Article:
Second suspect in cab driver’s slaying tells court about day of cold-blooded killing

Officer testifies why flashy running shoes helped authorities make arrest

Columbus Police Det. Stuart Carter testified murder suspect Devin Durden was identified in surveillance video by his unique Nike running shoes, ones Carter said he's never seen on a suspect in all of the criminal cases he's worked.
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Columbus Police Det. Stuart Carter testified murder suspect Devin Durden was identified in surveillance video by his unique Nike running shoes, ones Carter said he's never seen on a suspect in all of the criminal cases he's worked.

The former codefendant in the murder case against Devin Durden took the witness stand Thursday to testify Durden shot cab driver Dwayne Chronister in cold blood during a 2016 robbery.

“We was sitting in the back seat, and we got out,” Dontavis Screws said, recalling what happened after they directed Chronister to take them from a Brown Avenue store to a Farr Road trailer park. “As soon as we got out, that’s when he got the gun on him and he shot him.”

Asked whether that was their plan to begin with, Screws said, “Not on my end, it wasn’t. It was just supposed to be a robbery.”

Screws, 23, is not on trial with Durden, because he has pleaded guilty to manslaughter and robbery. He’s expected to serve 20 years in prison.

A third defendant, Jasmine Thomas, also 23, who was Screws’ girlfriend in 2016, also faces charges in Chronister’s fatal shooting. Her case is still pending.

Thomas testified Wednesday, saying she called the Warrior cab for Screw and Durden around 5 a.m. on Oct. 17, 2016, telling the dispatcher the customer would be waiting at the Mystik Food Mart, 645 Brown Ave., and needed a ride to Alabama.

When Chronister pulled up in his Warrior cab van minutes later, he found Durden and Screws there instead of a woman, Screws said, and they told him they weren’t going to Alabama: They needed to go to the Parkwood Mobile Home Park, 527 Farr Road.

That’s where Chronister was told to stop in a cul de sac, and Screws and Durden got out, before Durden shot Chronister in the back of the head, took his cash, wallet and cell phone, and fled.

A surveillance camera at the trailer park entrance recorded the cab going in at 5:06 a.m., and two men walking rapidly away minutes later. The first police car arrived at 5:56 a.m.

A man living in the trailer park called 911 after he saw Chronister slumped over in the driver’s seat, with the back door to his cab standing open and the motor running. He was pronounced dead at the hospital at 11:05 a.m. He was 50 years old.

He was supposed to have had that day off. He had come back to work to try to make some extra money.


Learning Chronister first had been called to the Mystik Food Mart, police checked its surveillance video, and found it not only had recorded the Warrior cab picking up two men there, but showed what they alleged to be the same two men hanging out in the parking lot the day before.

During his testimony Thursday, Screws testified he and Durden were the two men recorded on the videos, and confirmed that Durden on both days was wearing black clothes and a distinctive pair of Nike running shoes.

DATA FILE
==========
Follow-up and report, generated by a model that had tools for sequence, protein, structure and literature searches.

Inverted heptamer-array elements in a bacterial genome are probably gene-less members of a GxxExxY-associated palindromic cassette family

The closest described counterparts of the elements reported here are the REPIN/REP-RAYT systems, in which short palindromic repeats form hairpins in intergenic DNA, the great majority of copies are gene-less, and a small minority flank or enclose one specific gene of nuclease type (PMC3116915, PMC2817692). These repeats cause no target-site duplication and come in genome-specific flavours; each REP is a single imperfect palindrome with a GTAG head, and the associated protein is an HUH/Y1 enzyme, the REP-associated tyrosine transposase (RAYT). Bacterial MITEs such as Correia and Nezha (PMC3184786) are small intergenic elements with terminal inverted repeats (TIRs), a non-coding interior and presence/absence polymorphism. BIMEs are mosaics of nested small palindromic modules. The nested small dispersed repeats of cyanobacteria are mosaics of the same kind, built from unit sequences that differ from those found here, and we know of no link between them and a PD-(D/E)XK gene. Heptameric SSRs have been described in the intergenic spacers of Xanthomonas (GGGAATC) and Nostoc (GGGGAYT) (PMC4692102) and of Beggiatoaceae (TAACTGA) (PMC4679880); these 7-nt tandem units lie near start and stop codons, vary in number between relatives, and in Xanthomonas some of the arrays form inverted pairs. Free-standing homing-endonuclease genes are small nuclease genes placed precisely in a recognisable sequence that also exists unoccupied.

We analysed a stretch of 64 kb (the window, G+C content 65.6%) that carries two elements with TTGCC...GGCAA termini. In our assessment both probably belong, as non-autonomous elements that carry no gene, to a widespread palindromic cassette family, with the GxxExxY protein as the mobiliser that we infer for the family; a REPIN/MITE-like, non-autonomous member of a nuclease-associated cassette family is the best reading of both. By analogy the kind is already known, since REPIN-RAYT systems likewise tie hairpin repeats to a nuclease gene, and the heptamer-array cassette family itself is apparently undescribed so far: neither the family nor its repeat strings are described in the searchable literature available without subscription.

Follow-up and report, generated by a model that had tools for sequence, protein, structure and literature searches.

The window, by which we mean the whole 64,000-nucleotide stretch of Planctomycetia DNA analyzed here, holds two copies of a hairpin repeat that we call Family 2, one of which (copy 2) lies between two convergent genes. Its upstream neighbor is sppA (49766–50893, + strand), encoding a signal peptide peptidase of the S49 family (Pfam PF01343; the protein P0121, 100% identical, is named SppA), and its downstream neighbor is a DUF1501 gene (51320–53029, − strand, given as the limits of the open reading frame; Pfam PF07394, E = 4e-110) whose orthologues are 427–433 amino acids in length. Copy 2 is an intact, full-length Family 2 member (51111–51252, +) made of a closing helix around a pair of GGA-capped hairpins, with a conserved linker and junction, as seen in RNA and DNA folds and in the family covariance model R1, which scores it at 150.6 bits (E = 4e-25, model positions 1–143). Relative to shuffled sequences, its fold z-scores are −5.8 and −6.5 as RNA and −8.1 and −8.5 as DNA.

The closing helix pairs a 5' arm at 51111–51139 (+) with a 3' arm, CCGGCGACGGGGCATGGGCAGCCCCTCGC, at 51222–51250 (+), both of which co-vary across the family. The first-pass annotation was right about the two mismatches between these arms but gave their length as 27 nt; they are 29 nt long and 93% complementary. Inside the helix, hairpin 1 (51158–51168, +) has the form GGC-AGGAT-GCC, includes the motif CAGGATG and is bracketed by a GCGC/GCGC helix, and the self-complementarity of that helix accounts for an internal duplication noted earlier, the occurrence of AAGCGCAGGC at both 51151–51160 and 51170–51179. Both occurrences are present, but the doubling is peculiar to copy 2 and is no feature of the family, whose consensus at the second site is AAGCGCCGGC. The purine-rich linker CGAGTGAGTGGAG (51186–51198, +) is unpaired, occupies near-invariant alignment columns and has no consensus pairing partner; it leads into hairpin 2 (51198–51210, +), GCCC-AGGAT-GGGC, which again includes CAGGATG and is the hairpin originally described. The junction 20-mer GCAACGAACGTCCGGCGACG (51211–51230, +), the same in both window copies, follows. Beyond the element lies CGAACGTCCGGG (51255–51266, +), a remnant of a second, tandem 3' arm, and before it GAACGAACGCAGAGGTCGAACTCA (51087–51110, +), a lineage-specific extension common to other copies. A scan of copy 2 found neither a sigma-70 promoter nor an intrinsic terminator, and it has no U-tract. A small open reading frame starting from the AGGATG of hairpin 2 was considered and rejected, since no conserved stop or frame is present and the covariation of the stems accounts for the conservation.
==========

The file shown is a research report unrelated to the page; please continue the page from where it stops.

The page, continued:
Detective Stuart Carter testified Wednesday that he took particular notice of the shoes, while reviewing the video, because he’d never seen them before. He had to go online and Google them to determine they were Nike Pegasus running shoes, he said.

When police arrested Durden in Phenix City the following November, he directed them to some clothes he’d left at a friend’s house. That’s where investigators found a black jacket and sweat pants they say matched what Durden wore on the video, and the same pair of Nike Pegasus shoes.

Screws was arrested just two days after the homicide, because police were able to track Thomas’ cell phone from the number that showed up on caller ID when she called for the cab. Detectives first contacted one of her aunts, who identified Screws on the store video and told officers where she and Thomas lived.

Thomas testified that she and Screws were living on Forsyth Street in 2016 when Durden arrived on a bicycle about 4 a.m., banged on their door and told them that he needed a phone to call a cab, and that he needed money.

Screws said he and Durden walked from there to the Mystik Food Mart to meet the cab.

The witness

On the witness stand Thursday, Screws at times was combative in his response to attorneys’ questions.

When Chief Assistant District Attorney Al Whitaker suggested Screws would “rather not” be testifying, Screws shot back, “What do you mean I’d rather not testify? I’m here.”

Whitaker restated his question to suggest Screws was “not excited” about testifying.

“What do you mean?” Screws asked him. “I just woke up. What’s there to be excited about?”

Police and prosecutors say crucial witnesses often are reluctant to testify because they fear retaliation, particularly if they’re housed in the Muscogee County Jail. Screws’ attorney asked that he not be photographed while on the witness stand.

Testimony in the trial ended Thursday, with closing arguments set for Friday morning in Judge Gil McBride’s Government Center courtroom.

Represented by defense attorney Adam Deaver, Durden, 23, is accused of malice or intentional murder, of felony murder for allegedly killing Chronister while committing the felony of armed robbery, of armed robbery and of using a firearm to commit a crime.

Tim Chitwood is from Seale, Ala., and started as a police beat reporter with the Ledger-Enquirer in 1982. He since has covered Columbus’ serial killings and other homicides, following some from the scene of the crime to trial verdicts and ensuing appeals. He also has been a Ledger-Enquirer humor columnist since 1987. He’s a graduate of Auburn University, and started out working for the weekly Phenix Citizen in Phenix City, Ala.